UN Peacekeeping and Peace Enforcement (6 ECTS)
When: Block 2
Brief course description: The Charter of the United Nations imposes a general prohibition to use armed force in international relations, with self-defence and collective security measures by the UN Security Council as the main exceptions. Frequent use of the veto during the Cold War by permanent members of the Security Council led to the development of peacekeeping missions based on the consent of the parties to the conflict and voluntary contributions of (military) personnel by other UN members. After the fall of the Berlin Wall in 1989, a more activist Security Council started intervening in crises situations in an unprecedented manner through authorizing interventions by ‘coalitions of the able and the willing’ under Chapter VII of the Charter, by expanding the number of peacekeeping missions and widening the scope of their mandates, by creating international criminal tribunals, imposing targeted sanctions against individuals or non-state organizations and by adopting decisions with legislative design. However, the veto remains an obstacle to effective intervention in many situations. This course will deal with the international law side of the complex and highly political objectives of maintaining or restoring international peace and security. After introducing the basic rules on the use of armed force between States, the course will concentrate on UN peacekeeping and peace enforcement. As regards peacekeeping, the history, legal basis, main principles, the developing scope of mandates and the functioning and responsibilities of peacekeeping operations will be discussed in light of the fact that current threats to or disturbances of peace and security are often of an internal character and involve non-state actors. This also affects peace enforcement: what is the impact of e.g. atrocities committed within states on the interpretation of what constitutes ‘peace’ or a ‘threat to peace’ and consequently on the implementation of the enforcement powers of the Security Council as instituted by the Charter. Humanitarian concerns and humanitarian intervention take a much more prominent role than the traditional focus on maintaining and restoring peace between states. The primary responsibilities of the Security Council will be investigated and its enforcement competence and powers under Chapter VII of the Charter will be extensively analysed. The responsibilities and functions of other principal organs, especially the General Assembly and the International Court of Justice, and their relations with the Security Council will be explored. A critical discussion of past and current crisis situations will be a central feature of this course as (developments in) international law cannot be understood in ‘clinical isolation’ from the day-to-day reality in international relations.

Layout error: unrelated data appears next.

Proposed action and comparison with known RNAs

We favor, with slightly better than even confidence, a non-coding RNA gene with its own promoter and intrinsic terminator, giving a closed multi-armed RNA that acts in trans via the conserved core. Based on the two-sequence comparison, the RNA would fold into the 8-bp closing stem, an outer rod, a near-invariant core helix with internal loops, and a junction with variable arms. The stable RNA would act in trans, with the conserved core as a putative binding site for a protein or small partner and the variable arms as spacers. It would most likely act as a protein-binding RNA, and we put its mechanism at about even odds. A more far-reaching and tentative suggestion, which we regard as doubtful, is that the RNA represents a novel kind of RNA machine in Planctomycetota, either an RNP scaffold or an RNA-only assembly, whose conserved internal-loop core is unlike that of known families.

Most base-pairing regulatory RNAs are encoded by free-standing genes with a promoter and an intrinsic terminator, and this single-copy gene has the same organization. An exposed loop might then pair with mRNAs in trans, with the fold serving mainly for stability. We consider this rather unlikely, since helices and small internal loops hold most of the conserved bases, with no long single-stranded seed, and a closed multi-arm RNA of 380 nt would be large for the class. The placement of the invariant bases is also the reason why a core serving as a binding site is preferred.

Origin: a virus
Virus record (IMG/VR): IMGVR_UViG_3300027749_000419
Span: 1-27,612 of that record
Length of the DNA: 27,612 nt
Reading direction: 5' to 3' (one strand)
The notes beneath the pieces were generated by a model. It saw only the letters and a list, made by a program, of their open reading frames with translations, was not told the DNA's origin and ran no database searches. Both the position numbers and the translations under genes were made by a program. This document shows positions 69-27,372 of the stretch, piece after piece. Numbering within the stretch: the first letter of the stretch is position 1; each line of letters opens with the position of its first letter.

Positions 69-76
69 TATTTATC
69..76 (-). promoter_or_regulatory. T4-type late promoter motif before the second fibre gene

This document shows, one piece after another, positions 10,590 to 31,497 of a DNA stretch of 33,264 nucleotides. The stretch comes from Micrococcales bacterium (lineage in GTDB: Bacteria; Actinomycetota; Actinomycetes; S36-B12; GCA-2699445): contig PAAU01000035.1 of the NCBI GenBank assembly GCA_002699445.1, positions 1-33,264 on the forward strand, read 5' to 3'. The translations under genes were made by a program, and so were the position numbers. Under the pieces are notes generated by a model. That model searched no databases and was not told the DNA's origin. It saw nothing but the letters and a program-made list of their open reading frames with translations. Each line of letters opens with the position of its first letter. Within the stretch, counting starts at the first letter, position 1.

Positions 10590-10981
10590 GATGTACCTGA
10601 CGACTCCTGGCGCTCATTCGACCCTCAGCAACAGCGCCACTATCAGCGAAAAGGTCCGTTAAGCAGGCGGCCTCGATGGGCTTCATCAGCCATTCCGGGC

Teaching method: This course will be mainly taught by way of lectures, but students will be expected to actively discuss specific cases or situations or to engage in role playing in class.
Assessment: The method of assessment for this course will be a written exam.
*Official course information and schedules during the academic year can be found in Ocasys.
|Last modified:||20 December 2017 11.34 a.m.|